from the Buffalo News,
Twelve hours before he was to check in at the Cleveland Clinic for open-heart surgery, Teppo Numminen was quite afraid.
“There’s fear, that’s for sure,” the Buffalo Sabres defenseman said Wednesday from his Cleveland hotel room. He was to report to the internationally renowned cardiac hospital at 5 this morning to have a valve repaired….
The operation isn’t being done so that he can keep playing hockey. The 39-year-old Finn admitted his condition could be fatal if not addressed quickly.
“Whether I played again or not, the odds turn against you at one point, and I guess they would have turned soon,” Numminen said. “They can’t say if it’s going to be two months or two years, but something happens and then you’re in trouble. Then it’s too late.”
Don Baizley, Numminen’s agent and friend of 20 years, said, “This has been pretty traumatic. It is open-heart surgery. It’s serious business.”
update 6:28pm, from the AP via TSN,
“Teppo Numminen’s surgery was a success and there were no complications,” Sabres doctor William Hartrich said after speaking to the doctor who performed the surgery at The Cleveland Clinic. “Teppo is resting comfortably and will remain in the hospital for the next several days.”
from the Journal News,
...But if there is a reason the 6-foot-4 Strudwick finds himself on the team’s opening-night roster, it is because they do not have another player who so easily unites a dressing room.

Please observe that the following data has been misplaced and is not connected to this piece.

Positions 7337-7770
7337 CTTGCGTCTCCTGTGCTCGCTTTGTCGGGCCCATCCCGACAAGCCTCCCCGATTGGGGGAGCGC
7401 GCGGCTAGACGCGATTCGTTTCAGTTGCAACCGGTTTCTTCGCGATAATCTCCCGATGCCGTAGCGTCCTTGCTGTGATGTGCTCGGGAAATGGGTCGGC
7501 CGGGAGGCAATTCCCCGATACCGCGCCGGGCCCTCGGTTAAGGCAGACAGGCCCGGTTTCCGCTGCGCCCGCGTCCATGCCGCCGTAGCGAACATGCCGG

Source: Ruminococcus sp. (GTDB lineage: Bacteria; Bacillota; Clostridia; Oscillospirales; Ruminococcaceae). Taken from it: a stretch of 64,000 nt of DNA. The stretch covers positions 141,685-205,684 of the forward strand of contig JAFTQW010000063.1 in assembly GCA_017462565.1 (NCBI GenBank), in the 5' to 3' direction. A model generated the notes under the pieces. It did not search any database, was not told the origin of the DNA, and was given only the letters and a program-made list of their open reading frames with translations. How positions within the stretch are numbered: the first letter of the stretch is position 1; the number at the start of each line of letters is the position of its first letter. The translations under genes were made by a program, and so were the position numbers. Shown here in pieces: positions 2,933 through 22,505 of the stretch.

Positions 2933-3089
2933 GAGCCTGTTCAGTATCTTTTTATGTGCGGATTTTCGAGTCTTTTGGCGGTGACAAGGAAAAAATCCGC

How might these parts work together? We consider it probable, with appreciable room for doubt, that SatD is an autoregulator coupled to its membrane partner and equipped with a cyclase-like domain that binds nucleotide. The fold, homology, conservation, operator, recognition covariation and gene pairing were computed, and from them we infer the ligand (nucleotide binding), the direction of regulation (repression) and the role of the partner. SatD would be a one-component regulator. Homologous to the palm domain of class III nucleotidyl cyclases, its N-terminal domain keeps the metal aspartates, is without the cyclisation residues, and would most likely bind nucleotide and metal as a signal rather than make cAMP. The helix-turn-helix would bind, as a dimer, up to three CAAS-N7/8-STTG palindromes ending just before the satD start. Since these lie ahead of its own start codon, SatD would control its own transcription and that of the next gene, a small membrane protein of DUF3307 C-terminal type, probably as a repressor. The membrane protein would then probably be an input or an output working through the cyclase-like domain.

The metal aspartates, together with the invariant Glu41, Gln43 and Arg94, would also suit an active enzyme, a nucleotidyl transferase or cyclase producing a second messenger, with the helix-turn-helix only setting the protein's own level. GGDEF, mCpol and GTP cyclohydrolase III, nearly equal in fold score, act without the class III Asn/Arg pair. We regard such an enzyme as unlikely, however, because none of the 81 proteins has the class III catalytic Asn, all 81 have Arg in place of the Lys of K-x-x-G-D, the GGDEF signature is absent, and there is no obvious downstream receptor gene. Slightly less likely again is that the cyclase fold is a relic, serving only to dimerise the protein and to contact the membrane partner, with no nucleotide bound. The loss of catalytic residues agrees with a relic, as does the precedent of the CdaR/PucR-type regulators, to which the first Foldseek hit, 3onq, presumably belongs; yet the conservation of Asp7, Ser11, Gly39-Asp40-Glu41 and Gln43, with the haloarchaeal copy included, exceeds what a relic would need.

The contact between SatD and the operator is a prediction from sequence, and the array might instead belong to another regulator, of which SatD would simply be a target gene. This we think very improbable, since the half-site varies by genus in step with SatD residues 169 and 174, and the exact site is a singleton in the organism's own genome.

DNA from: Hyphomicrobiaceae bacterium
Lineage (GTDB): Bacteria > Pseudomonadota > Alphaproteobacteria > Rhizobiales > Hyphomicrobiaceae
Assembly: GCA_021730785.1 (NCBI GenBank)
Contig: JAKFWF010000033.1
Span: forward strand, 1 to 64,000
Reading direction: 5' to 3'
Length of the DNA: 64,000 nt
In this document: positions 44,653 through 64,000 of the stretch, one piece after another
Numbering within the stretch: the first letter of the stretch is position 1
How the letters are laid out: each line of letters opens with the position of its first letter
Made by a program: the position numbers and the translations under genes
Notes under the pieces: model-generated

It is an odd notion to think a player can crack a roster at the highest level of professional sports on the strength of his personality. But that may be the case with Strudwick, a tough, versatile player who others say has an inherent knack for bringing a team together.
“He knows how important it is to cross all boundaries, whether they’re geographic or ethnic or whatever,” Rangers coach Tom Renney said. “For Jason, it’s just so natural, and because of that people trust his judgment and they like him a lot. They feel regardless of what his participation might be on the ice, he serves a huge advantage everywhere else.”
from the Edmonton Journal,
“My experience is that athletes spend so much time on the tactical, the technical and the physical, and they just assume that the mental aspect will take care of itself,” said sports psychologist Dr. John Dunn from the University of Alberta.
“Obviously, in my profession, we think that what we take care of is trainable. Part of my job is to teach them how to train.”...
Veteran Ethan Moreau, admittedly a traditionalist when it comes to most hockey matters, is a proponent of having a recruit like Dunn on board.